National Geographic News
Black abalone used to be the most abundant shellfish clinging to the rocks in the intertidal zone from Baja California to Oregon. Now they are all but gone in the southern reaches of their range and beginning to disappear in the north, too.
The intertidal zone is the region where the surf meets the land. Organisms that live there are pounded by waves, blasted by sunlight, and endure wide fluctuations in temperature driven by the rise and fall of the tides.
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Black abalone are well-adapted to this harsh lifestyle, according to Fiorenza Micheli, a marine ecologist at Stanford University's Hopkins Marine Laboratory in Pacific Grove, California.
But that's not all the mollusks face.
"They have been decimated by diseases. They have been overfished in places. They are fed upon by sea otters and other animals," Micheli said in an interview with the Pulse of the Planet radio program.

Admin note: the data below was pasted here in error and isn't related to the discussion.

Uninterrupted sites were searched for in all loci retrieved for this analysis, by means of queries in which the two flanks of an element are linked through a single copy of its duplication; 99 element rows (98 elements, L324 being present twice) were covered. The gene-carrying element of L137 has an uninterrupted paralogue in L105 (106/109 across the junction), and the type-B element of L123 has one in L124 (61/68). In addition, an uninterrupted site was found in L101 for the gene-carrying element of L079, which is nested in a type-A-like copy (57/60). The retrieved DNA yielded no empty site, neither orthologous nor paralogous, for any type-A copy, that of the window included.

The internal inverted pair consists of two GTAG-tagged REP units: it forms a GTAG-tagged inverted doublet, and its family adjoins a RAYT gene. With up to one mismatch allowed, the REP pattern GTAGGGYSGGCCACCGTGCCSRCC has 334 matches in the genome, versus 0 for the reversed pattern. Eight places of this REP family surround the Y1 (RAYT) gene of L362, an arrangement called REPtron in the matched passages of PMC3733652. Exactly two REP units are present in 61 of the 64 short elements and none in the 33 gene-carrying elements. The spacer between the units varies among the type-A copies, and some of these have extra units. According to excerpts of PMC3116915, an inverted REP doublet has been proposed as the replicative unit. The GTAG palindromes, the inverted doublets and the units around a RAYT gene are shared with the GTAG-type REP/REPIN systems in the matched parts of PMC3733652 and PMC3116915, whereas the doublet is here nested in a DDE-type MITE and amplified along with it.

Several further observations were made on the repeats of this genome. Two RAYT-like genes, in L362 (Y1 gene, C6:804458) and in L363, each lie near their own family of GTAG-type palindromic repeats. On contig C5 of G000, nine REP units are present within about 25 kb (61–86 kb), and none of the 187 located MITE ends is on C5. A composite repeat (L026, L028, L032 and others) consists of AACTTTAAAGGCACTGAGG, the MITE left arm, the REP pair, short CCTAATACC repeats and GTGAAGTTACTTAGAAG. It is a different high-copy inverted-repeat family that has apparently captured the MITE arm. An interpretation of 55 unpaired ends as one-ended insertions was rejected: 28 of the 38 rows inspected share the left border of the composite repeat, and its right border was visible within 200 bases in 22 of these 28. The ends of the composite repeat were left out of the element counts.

Micheli is part of a group of researchers based on the U.S. West Coast scrambling to understand why black abalone are withering away and what, if anything, can be done to save them.
Black abalone populations once occurred at a density of 60 to 80 individuals per square meter (about 10 square feet) and dominated the seascape in southern California, according to Brian Tissot, a marine ecologist at Washington State University in Vancouver.
The mollusks graze on algae such as seaweed and influence the distribution of other intertidal organisms like mussels and snails. "They also certainly had a cultural role in the past with Native Americans," Tissot said.
The exterior shell is smooth and dark brown to almost black in color. The interior is an iridescent pink and green. Ranging in size from 3 to 8 inches (7.5 to 20 centimeters), the shells were used by Native Americans for everything from bowls to baskets and commonly traded, Tissot said.
Due to concerns about the species's decline, California's black abalone fishery closed in 1993. "[More than] ten years later, we are still not seeing a recovery of these animals, so we are trying to understand why," Micheli said.
According to Tissot, the biggest factor in the black abalone decline is the chronic wasting disease called withering syndrome.
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